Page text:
In The Discipline of Western Supremacy 1 , Kees van der Pijl argues that IR has long been complicit with the institutions and practices of western and US supremacy. Its ‘idealist’ and ‘realist’ approaches have articulated and administered a liberal world governance model rooted in Anglo-American ‘Lockean’ thinking. Deploying the term ‘discipline’ in its double meaning – that of an academic field of study and of a set of policies, practices, discourses and institutions for enforcing a certain order van der Pijl shows that IR has been the discipline of western supremacy in both senses.

My own Geopolitical Economy: After US Hegemony, Globalization and Empire 2 argued that IPE’s principal approaches, US hegemony and globalization, rest on a cosmopolitan conception of the world economy, as a harmonious unit. Rooted in nineteenth century Free Trade ideas, these conceptions see the world economy as governed either by markets, as Free Trade and globalization, or by a dominant state, as in US hegemony. In the first, no state matters, in the second, only one does. The world’s division into a multitude of nation-states is contingent and inconsequential, at best representing cultural heterogeneity.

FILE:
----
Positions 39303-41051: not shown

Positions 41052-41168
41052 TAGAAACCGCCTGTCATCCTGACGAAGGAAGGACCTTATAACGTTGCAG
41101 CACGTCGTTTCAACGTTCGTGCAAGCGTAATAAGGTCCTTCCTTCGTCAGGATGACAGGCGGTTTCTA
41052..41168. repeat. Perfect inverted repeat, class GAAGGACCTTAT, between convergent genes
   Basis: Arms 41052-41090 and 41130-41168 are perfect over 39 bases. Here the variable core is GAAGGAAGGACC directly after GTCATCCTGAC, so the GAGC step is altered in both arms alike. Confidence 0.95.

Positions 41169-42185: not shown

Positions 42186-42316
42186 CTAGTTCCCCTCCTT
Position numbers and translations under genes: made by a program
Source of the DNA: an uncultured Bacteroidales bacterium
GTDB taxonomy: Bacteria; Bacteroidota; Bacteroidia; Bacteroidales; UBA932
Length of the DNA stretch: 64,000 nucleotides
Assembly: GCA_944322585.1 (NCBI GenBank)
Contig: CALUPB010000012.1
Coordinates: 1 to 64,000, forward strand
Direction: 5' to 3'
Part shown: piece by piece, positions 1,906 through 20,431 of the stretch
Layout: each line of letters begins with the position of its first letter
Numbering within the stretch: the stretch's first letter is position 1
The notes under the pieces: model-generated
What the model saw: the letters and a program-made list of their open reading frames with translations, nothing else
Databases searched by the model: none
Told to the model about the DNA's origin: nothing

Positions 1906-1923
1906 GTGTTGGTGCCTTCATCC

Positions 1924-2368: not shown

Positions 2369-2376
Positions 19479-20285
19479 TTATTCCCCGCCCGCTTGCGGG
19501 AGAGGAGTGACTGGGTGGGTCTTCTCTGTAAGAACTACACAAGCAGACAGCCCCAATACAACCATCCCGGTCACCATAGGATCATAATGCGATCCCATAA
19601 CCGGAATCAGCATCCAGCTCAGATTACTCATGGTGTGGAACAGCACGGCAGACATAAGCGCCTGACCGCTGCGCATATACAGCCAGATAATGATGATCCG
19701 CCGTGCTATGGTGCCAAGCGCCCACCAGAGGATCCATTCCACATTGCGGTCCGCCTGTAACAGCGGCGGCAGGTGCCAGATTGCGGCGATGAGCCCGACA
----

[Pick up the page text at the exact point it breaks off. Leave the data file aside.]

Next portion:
These ideas served an ideological purpose when a single power could dominate the world, as the UK did in the nineteenth century, or could attempt to, as the US unsuccessfully did in the twentieth. Treating the world economy as an extension of the dominant power’s economy, such conceptions wrote out of their script the single most important process which generates multipolarity: that of

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London: Pluto, 2014.

London: Pluto, 2013.

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economically interventionist states hothousing industrial growth to avoid or reverse the fate of becoming agricultural or otherwise subordinate appendages to industrial capitalist countries and to challenge their dominance instead.